I spent a long time reading articles on how to find a plot and initially I was very confident. So I set out on a multi-pronged plot finding assault on southern Hampshire. Unfortunately it proved more difficult than I had hoped.

Finding a plot anywhere in the country can be hard but the south-east is one of the more challenging areas. There is little easily obtainable ‘free land’ for the self builder and it takes significant persistence to find anything at all. Much of the land falls into the hands of developers and small plots suitable for self build are rare, expensive and sell very quickly.

Every day I’d check the various online resources advertising land for sale ready to pounce should an opportunity present itself. I’d already sold my house in the midlands and was (and still am) living with family in Hampshire. I had looked into finance and did not envisage any issues – that was a huge mistake but I will explain that one to you a little later.

Given advertised plots were very limited I contacted all the local estate agents and some were very helpful. I did view a couple of potential knock down and rebuild sites as well as a couple of plots but unfortunately didn’t get lucky. Interestingly I came across several really fantastic plots but due to property prices in the area they were well beyond my means. It seemed there was a real lack of lower to midrange price plots on the market.

I drove round at weekends looking for potential plots leaving letters and knocking on doors. I asked friends, family and work colleagues to let me know if they spotted any potential opportunities. I contacted the council to see if they could help. I spoke with builders, landowners and looked at local planning applications. I even spent hours looking on Google Earth to spot potential plots.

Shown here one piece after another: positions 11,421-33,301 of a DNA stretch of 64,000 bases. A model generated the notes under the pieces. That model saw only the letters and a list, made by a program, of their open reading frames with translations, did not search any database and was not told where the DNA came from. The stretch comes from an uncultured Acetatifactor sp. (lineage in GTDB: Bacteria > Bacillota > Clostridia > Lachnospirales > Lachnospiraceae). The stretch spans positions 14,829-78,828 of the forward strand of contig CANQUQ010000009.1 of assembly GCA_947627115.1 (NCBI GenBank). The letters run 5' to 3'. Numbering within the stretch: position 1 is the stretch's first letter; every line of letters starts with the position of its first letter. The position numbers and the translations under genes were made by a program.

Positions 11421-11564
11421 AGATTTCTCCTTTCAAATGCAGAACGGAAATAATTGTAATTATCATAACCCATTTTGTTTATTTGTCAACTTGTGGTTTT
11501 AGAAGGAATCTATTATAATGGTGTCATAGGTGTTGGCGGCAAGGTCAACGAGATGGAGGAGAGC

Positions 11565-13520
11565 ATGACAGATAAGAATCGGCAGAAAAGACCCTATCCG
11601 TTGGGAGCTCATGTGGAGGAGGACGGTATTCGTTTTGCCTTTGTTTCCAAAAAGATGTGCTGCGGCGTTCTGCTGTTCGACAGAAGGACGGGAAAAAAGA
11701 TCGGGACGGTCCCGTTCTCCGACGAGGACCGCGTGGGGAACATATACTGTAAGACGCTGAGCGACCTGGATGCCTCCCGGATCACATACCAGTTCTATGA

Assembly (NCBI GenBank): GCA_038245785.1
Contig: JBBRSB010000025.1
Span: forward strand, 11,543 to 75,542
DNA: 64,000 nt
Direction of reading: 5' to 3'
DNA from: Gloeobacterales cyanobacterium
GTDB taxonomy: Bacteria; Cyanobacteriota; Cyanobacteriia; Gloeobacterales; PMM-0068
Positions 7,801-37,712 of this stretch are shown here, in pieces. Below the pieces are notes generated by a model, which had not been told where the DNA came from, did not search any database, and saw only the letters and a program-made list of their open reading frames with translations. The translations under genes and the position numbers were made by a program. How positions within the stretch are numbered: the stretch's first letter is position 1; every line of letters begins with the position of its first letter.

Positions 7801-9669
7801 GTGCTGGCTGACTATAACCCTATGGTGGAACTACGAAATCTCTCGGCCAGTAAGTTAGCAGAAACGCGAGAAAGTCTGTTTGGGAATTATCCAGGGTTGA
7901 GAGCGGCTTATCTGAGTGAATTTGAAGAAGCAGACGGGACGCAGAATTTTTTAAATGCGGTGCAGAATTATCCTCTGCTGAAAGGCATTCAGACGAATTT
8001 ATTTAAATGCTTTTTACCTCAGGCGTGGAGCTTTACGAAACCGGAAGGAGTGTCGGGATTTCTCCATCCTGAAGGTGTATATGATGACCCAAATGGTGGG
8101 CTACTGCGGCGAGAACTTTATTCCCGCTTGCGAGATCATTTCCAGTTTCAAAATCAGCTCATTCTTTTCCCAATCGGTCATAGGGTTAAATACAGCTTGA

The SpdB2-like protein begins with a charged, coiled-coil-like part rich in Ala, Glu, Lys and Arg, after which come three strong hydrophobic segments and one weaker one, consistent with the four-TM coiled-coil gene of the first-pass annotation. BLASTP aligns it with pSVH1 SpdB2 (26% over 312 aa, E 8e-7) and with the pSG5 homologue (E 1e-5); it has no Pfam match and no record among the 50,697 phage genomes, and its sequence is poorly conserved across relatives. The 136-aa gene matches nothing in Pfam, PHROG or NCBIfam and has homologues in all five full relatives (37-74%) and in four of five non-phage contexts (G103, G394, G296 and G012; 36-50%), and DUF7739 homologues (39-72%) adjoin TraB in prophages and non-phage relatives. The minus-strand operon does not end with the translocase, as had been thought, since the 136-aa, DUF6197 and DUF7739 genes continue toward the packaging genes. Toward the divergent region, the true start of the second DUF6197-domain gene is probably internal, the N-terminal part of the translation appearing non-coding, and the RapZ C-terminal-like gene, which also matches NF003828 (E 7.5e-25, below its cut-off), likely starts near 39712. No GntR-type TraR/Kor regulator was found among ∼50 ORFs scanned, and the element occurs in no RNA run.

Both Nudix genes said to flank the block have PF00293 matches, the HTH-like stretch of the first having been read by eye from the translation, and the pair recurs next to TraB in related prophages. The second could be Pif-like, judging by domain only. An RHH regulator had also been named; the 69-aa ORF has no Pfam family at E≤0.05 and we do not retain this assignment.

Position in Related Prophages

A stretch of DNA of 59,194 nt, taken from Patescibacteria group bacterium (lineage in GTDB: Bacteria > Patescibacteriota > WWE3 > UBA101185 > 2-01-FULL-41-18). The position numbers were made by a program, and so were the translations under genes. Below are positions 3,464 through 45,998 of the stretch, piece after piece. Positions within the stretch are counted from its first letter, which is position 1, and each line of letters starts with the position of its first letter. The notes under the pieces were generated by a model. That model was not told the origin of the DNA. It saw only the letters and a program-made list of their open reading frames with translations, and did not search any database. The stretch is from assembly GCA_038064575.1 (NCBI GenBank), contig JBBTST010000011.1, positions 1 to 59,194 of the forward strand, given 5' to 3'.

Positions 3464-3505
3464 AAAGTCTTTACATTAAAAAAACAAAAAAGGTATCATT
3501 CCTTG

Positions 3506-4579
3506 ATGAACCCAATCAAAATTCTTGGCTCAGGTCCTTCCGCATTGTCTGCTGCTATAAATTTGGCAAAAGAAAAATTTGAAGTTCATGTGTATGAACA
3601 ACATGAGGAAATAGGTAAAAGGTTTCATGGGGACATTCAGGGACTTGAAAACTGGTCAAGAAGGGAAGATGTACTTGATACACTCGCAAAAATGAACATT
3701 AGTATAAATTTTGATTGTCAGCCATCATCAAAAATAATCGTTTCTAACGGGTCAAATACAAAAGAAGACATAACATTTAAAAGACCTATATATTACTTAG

While my hit rate was like playing darts in the dark at a hundred yards something very positive started to happen. I was becoming good at finding plots and understanding them better. The turning point was a session on Google Earth. I had identified a possible plot – a large side garden in a residential area. Two days later I drove to the area to investigate. I was two years too late. Three new houses sat comfortably on the plot. Yes I had missed the boat but it gave me confidence and I refused to give up despite my many months of fruitless searching.

Soon after one of my letters had a positive strike – my assumption of a possible building plot next to a bungalow had been correct. The owners had obtained planning and the original buyer had pulled out. It was a pleasant plot in a good area and well under budget. I was very tempted but it did not give the future potential I hoped for and I knew I wanted more so the search continued.

A few months later I was checking for any plot updates online during my lunch break . Two new plots with outline planning had become available in an area I favoured and fortuitously I was working nearby that afternoon. I was able to view both plots that day straight after work. I liked them both and they offered more of what I was looking for than anything previous. The information I was given seemed to make sense, there were one or two slightly complicated areas, but I was given assurances these were all to be resolved shortly.

The next morning I put in a conditional asking price offer on my preferred plot as suggested by the estate agent. This was because some potential development costs were not yet known and the plot price might have to be adjusted down to accommodate these in order for it to remain a viable development proposition. Perhaps with hindsight this should have set the alarm bells ringing but I liked the plot and felt very positive and happy.

I had finally reached my goal the top of the mountain was in sight but how far away was it? Was it further than I thought?….

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